Justin Bgoni, chief executive of the Zimbabwe Stock Exchange, received an unexpected call from a colleague last month: The government had decided to shut down the world’s best performing stock market, the Wall Street Journal reported. Until the suspension, announced June 26 in a tweet from Zimbabwe’s information ministry, the all-share index on the Harare-based exchange had jumped 677 percent since Jan. 1, even as local economists expect gross domestic product to shrink by more than 10 percent.
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Steinhoff International, battling the fallout from a massive accounting fraud, faces legal claims amounting to more than 9 billion euros ($10.10 billion), the South African retailer’s annual report showed on Wednesday, Reuters reported. The report for the year ended September 2019 listed numerous court cases with claimants seeking more than 9 billion euros in payments or damages. It also included Steinhoff’s annual results, with the retailer’s full-year loss widening to 1.8 billion euros from a 1.2 billion loss a year earlier.
Government debt burdens across sub-Saharan Africa are rising at a faster pace and to higher levels than elsewhere in emerging markets, heightening the risk of further rating downgrades and defaults, ratings agency Fitch warned on Tuesday, Reuters reported. Emerging markets have been battered by the fallout from the coronavirus pandemic, with a coinciding oil price rout adding to the pain for smaller and often riskier developing countries, many focussed on crude exports and having few fiscal or monetary buffers.
South Africa’s Department of Public Enterprises announced its withdrawal from a panel that was established to facilitate talks with the troubled national airline’s workers about its planned overhaul, accusing three labor unions of undermining its work and putting jobs at risk, Bloomberg News reported. South African Airways was placed into a form of bankruptcy protection six months ago after a succession of managers failed to restore it to profitability and Finance Minister Tito Mboweni urged an end to repeated bailouts.
Zambia’s newly-formed creditor group is encouraging the government to bring a planned debt overhaul under the scope of an International Monetary Fund bailout, to help put the nation’s public finances on a sound footing, Bloomberg News reported. The government in Lusaka should vet its reform plans with the Washington-based fund and unlock aid to help finance projects to support an economic recovery, according to a representative of investors holding about a third of the nation’s dollar bonds.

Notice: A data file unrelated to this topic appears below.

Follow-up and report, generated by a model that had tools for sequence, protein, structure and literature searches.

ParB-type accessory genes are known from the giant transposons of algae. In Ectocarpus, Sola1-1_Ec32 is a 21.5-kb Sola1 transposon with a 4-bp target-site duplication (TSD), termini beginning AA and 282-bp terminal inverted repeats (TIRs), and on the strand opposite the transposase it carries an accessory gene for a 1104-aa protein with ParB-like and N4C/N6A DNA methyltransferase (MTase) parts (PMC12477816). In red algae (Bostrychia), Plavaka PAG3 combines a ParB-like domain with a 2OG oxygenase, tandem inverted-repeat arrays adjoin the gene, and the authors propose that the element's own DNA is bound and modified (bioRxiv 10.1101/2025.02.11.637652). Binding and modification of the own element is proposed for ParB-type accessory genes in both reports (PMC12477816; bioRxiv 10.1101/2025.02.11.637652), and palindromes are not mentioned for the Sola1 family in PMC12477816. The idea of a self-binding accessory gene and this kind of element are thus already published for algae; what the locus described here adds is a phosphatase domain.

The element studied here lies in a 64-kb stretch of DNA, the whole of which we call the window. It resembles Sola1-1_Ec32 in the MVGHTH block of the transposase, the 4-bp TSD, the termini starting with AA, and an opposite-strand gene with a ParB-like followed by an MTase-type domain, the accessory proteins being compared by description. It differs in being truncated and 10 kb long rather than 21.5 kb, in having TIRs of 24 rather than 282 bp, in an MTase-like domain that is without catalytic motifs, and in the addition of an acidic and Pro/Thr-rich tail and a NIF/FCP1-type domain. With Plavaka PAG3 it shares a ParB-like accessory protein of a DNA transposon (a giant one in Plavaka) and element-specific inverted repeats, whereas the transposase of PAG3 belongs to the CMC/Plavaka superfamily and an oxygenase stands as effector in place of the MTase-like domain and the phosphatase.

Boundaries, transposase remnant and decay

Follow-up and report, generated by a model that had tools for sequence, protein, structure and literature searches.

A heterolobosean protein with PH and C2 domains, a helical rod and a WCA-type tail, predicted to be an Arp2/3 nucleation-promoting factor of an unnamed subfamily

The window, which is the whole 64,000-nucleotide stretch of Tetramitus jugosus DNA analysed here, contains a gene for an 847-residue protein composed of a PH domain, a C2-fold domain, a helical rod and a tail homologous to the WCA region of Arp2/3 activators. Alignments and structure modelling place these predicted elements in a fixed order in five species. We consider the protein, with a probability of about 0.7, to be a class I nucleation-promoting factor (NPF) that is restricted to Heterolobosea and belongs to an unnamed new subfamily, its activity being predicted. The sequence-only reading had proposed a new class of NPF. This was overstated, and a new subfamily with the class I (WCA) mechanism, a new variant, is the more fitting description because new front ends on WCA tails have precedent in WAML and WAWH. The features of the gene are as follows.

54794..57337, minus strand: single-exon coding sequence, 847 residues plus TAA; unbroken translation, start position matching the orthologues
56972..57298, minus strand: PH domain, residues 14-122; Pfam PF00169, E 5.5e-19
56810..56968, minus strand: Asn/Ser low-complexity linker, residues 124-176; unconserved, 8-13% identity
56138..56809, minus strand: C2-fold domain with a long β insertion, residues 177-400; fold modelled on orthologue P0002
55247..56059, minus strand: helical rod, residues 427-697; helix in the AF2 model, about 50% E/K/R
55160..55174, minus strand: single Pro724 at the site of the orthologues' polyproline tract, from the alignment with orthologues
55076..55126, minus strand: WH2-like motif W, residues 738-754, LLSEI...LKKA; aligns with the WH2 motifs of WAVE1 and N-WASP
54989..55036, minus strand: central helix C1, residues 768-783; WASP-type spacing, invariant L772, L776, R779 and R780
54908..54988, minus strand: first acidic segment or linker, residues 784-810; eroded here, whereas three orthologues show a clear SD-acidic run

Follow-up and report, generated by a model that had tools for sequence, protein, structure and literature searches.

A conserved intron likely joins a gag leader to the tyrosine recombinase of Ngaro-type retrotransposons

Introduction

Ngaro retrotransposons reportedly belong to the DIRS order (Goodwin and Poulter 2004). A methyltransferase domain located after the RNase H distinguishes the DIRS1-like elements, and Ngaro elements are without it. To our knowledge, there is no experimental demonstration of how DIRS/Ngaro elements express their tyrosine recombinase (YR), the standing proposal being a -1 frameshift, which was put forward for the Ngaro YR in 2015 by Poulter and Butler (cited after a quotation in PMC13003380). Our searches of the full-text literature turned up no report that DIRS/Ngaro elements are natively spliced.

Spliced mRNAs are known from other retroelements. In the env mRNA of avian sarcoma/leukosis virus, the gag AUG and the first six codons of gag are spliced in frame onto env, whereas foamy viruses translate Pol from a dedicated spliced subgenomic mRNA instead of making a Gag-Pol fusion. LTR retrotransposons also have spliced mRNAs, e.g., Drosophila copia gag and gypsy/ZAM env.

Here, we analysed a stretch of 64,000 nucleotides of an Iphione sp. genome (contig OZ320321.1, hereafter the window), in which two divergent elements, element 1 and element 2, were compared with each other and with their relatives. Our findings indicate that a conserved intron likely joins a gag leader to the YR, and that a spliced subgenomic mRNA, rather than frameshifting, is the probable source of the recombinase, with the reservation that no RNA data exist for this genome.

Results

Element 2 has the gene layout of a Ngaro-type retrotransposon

The global health and economic crises gripping Africa are hurtling the region into its first full recession in a quarter of a century. Economic growth in Africa, which had been forecast at 3.2 per cent, is now expected to be between zero and 1.0 per cent, according to the UN Economic Commission for Africa, the Financial Times reported in a commentary. The crisis highlights the needs for urgent economic and financial measures to help soften the blow. The G20’s decision to suspend debt service for the poorest countries will help. But Africa’s needs are much bigger and urgent.
A vote on a restructuring plan for loss-making South African Airways (SAA) was delayed until next month on Thursday, after some creditors and trade unions secured an adjournment after months of wrangling over the airline’s future, Reuters reported. The administrators, who took over SAA in December after almost a decade of financial losses, published their restructuring plan last week and now expect the vote to take place on July 14.
Holders of Zambia’s Eurobonds are squaring up for what is likely to be a complex and lengthy debt-restructuring process. A group of lenders owning about a third of the nation’s dollar bonds, and in contact with another third, have formed a committee to negotiate with the government, Bloomberg News reported. Newstate Partners LLP will advise the creditors, who didn’t disclose who they were. Lazard Ltd. is representing Zambia. Zambia is looking to overhaul as much as $11 billion in foreign debt as part of efforts to unlock emergency funding from the International Monetary Fund.
Australian-listed oil and gas company FAR Ltd said on Wednesday its Senegalese unit had defaulted on its obligations to the Sangomar joint venture, as the company looked to sell its interest in the project, Reuters reported. The company owns 15% of the Sangomar oil and gas field being developed off Senegal, while Cairn Energy holds 40%, Australia’s Woodside 35%, and Senegal’s national oil company Petrosen 10%, which it has the right to increase to 18%.